Heart Rate Monitoring: An Effective Test for Overtraining

Your heart rate can tell you a lot, whether you’re working hard or at rest. A new study suggests your resting heart rate might be able to indicate whether you’re overtraining.

One thing I’ve always recommended my athletes do is check their resting heart rate every day. Your heart rate can sometimes tell you whether it’s a good day to train or not. Maybe you’re about to get sick, are experiencing some unfelt infection, or beginning to push into overtraining and it’s time to back off. I’ve always believed that the heart rate is a good early warning system for athletes to see if they are going to push themselves too hard.

Well, it turns out my suspicion has been correct. A study published in the Journal of Strength and Conditioning this month examined the role of heart rate monitoring in the prevention of overtraining. In the study researchers wanted to see if testing an athlete’s resting heart rate really is a good method of determining overtraining status, and the results seem to suggest it is.

Before continuing, it’s good to define a few terms here. So far I’ve used the term “overtraining” in the general sense, but in the study the researchers were more specific. They divided the condition of pushing yourself past what you can handle into three different phases. The first was “functional overreaching,” which is the state that some athletes purposely try to attain because they believe it will advance them faster than never overreaching. The second was “nonfunctional overreaching,” which is a state in which excess recovery was needed to retain full athletic ability. That recovery length might last weeks. The third stage was “overtraining syndrome,” which may last for years and is marked by a significant detriment to health and performance.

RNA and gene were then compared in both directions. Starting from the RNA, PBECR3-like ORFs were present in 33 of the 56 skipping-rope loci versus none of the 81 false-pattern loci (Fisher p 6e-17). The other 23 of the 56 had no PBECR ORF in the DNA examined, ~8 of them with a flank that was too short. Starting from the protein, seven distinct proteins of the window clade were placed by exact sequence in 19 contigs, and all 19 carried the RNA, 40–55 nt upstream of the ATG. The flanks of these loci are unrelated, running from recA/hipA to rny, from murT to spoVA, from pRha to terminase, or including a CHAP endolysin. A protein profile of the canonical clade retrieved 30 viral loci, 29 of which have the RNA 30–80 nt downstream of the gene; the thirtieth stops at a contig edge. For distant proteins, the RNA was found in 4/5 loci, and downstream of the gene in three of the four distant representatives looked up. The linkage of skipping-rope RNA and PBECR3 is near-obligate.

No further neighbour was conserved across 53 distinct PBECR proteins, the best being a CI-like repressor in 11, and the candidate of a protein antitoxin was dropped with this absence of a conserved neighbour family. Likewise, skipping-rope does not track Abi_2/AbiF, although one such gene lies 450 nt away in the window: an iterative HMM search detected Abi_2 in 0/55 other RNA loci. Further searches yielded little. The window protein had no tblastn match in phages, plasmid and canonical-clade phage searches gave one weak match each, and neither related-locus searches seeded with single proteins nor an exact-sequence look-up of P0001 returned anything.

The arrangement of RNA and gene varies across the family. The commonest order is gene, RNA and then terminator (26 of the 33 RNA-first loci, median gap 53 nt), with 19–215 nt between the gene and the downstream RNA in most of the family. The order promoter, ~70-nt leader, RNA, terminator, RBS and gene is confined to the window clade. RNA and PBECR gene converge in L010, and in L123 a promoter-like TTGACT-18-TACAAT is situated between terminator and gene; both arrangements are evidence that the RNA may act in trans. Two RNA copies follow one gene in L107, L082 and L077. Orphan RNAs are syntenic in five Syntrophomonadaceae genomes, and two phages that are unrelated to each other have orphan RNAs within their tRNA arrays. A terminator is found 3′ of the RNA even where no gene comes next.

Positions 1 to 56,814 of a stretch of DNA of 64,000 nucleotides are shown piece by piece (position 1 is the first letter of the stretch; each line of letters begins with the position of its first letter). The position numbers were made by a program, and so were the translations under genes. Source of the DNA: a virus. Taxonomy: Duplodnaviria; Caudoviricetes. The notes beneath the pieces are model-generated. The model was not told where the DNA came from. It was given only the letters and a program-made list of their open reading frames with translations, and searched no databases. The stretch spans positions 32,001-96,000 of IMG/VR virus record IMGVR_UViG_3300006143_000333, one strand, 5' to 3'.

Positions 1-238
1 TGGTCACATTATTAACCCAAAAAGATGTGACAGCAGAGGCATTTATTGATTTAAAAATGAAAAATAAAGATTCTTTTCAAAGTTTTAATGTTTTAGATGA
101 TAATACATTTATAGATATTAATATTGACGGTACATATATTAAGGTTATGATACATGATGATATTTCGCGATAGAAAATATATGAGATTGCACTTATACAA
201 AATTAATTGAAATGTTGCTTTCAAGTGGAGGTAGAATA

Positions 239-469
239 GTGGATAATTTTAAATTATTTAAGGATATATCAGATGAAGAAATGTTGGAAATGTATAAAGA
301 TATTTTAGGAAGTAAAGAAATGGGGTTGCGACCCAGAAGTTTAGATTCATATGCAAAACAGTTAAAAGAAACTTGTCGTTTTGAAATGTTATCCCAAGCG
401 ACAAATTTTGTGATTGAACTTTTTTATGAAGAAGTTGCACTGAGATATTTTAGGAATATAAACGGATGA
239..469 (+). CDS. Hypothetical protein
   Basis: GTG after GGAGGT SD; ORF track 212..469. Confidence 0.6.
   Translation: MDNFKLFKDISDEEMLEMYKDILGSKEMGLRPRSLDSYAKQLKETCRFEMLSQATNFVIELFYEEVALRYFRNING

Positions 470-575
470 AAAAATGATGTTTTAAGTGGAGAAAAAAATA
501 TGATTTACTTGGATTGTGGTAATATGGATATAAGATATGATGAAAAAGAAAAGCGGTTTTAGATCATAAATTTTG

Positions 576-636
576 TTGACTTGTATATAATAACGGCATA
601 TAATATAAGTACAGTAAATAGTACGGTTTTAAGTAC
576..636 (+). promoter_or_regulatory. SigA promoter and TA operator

The researchers were concerned primarily with preventing nonfunctional overreaching, which would likewise prevent overtraining. Since some athletes purposely try to attain functional overreaching, they didn’t do much to cover its prevention.

Indeed, significant variations in resting heart rate that lasted two weeks or longer were in line with the other markers of nonfunctional overreaching. The researchers also noted that using heart rate to monitor the transition into nonfunctional overreaching is far less invasive than other methods. In other words, you can use your resting heart rate to tell if you’re overreaching without needing to take blood regularly. And we can all test this right at home with very little equipment (all you really need is a clock).

The researchers didn’t really discuss why these findings are significant. However, we can draw some of our own conclusions from this information. Here are a few things to keep in mind about using heart rate to prevent overtraining:

heart rate, overtraining, heart rate monitor

  1. Look for changes of more than a couple beats per minute. Over the months you will get a feel for exactly what your resting heart rate should be, so even small changes will stand out.
  2. Look for all changes to your heart rate. These variations may go in either direction, faster or slower. Both could indicate overreaching.
  3. Aim for accuracy. Keep in mind that using a heart rate monitor is more accurate than a timed test.
  4. Remember these tips apply mostly to experienced athletes. If you are just beginning training, changes to your resting heart rate will be normal, and indicative of improved fitness as well as overreaching, so this method may not work as well.

Nonfunctional overreaching is attained clinically when the change to your heart rate persists for several weeks. Unless you are purposely trying to push the envelope, it may be wise to cut back after only a few days, in my experience. Over time you will know yourself well enough to judge this on your own, but regardless, this tool is excellent for all athletes.


1. Tian Ye, et. al., “Heart Rate Variability Threshold Values for Early-Warning Nonfunctional Overreaching in Elite Female Wrestlers,” Journal of Strength and Conditioning Research 27(6), 2013.

Photo courtesy of Shutterstock.

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